11. Middlemarch

    Middlemarch Star commenter

    Not if you're near retirement.
     
  12. DM

    DM New commenter

    This was previously the case DG but it is not now. The vast majority of schools that are converting to academies at present are schools graded Outstanding or Good with Outstanding features by Ofsted.
     
  13. I agree; I love my job; it is challenging, worthwhile and we do the bets for all of our children..all the resons I decided to teach in the first place...the word liberating just sums it up..I
     
  14. David Getling

    David Getling Senior commenter

    Many thanks that very useful information. I guess, when one is living overseas, it's sometimes easy to lose the plot.
     
  15. DM

    DM New commenter

  16. David Getling

    David Getling Senior commenter

    DM, thanks for the spreadsheet. Even without the Ofsted grading I recognized some excellent schools. I'll obviously have to look more closely when I browse the job adverts. However, from talking to my family in the UK, I get the impression the the general public, like I was until a few hours ago, is still ignorant of this change of affairs.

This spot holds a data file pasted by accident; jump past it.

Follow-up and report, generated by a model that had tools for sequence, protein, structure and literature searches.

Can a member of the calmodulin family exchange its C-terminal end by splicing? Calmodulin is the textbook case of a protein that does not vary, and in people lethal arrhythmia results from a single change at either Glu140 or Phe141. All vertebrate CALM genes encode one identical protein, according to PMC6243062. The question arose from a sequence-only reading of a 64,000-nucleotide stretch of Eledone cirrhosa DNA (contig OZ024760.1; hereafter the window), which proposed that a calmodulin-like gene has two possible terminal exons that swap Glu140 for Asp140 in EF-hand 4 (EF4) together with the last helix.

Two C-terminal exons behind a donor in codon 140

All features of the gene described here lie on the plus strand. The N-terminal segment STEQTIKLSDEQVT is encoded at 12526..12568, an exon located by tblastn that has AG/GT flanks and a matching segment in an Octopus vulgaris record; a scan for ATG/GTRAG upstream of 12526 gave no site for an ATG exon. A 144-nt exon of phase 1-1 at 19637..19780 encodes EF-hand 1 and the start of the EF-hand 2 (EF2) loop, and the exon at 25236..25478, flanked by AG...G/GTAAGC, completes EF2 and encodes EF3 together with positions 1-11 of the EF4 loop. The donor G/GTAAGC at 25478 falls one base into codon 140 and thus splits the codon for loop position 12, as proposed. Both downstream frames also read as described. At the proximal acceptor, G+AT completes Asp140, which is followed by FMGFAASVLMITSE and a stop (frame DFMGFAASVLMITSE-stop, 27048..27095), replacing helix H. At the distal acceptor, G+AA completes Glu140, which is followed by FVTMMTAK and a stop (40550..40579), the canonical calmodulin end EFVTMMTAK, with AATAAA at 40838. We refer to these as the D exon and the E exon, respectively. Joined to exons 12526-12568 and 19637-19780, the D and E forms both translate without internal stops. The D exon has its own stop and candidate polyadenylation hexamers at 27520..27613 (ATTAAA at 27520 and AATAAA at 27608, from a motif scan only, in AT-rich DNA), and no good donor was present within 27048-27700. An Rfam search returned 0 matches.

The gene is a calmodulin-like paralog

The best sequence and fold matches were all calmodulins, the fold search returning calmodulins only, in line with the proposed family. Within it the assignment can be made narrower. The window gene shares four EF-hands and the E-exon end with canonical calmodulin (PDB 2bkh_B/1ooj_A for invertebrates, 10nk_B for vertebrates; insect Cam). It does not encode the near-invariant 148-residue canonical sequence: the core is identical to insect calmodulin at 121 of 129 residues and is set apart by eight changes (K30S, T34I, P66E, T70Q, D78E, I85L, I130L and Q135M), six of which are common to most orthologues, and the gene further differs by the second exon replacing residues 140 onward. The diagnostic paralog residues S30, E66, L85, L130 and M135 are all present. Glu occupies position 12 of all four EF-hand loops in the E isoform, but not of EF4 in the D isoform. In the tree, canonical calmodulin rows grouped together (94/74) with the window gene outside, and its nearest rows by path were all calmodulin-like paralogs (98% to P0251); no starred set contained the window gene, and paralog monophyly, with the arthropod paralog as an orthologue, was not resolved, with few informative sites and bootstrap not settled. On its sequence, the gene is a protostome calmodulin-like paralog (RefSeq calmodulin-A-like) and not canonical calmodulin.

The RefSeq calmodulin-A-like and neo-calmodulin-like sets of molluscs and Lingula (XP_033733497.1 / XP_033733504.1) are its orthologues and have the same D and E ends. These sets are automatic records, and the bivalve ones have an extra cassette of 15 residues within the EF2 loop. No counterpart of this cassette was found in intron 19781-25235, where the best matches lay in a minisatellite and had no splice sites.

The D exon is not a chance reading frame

17. If they make the changes they are proposing, I'm opting out of the pensions system. Whacking up the contribution and removing the final salary link will make it as bad as a private sector scheme. Stuff that for a game of soldiers. I suspect a lot of teachers will do the same, thus bankrupting the scheme, leaving the government facing a larger bill than if they had left it alone. Government by Buffoons. Who says Public Schools better educate their charges? If Gove is a prime example, a lot of parents are wasting their money.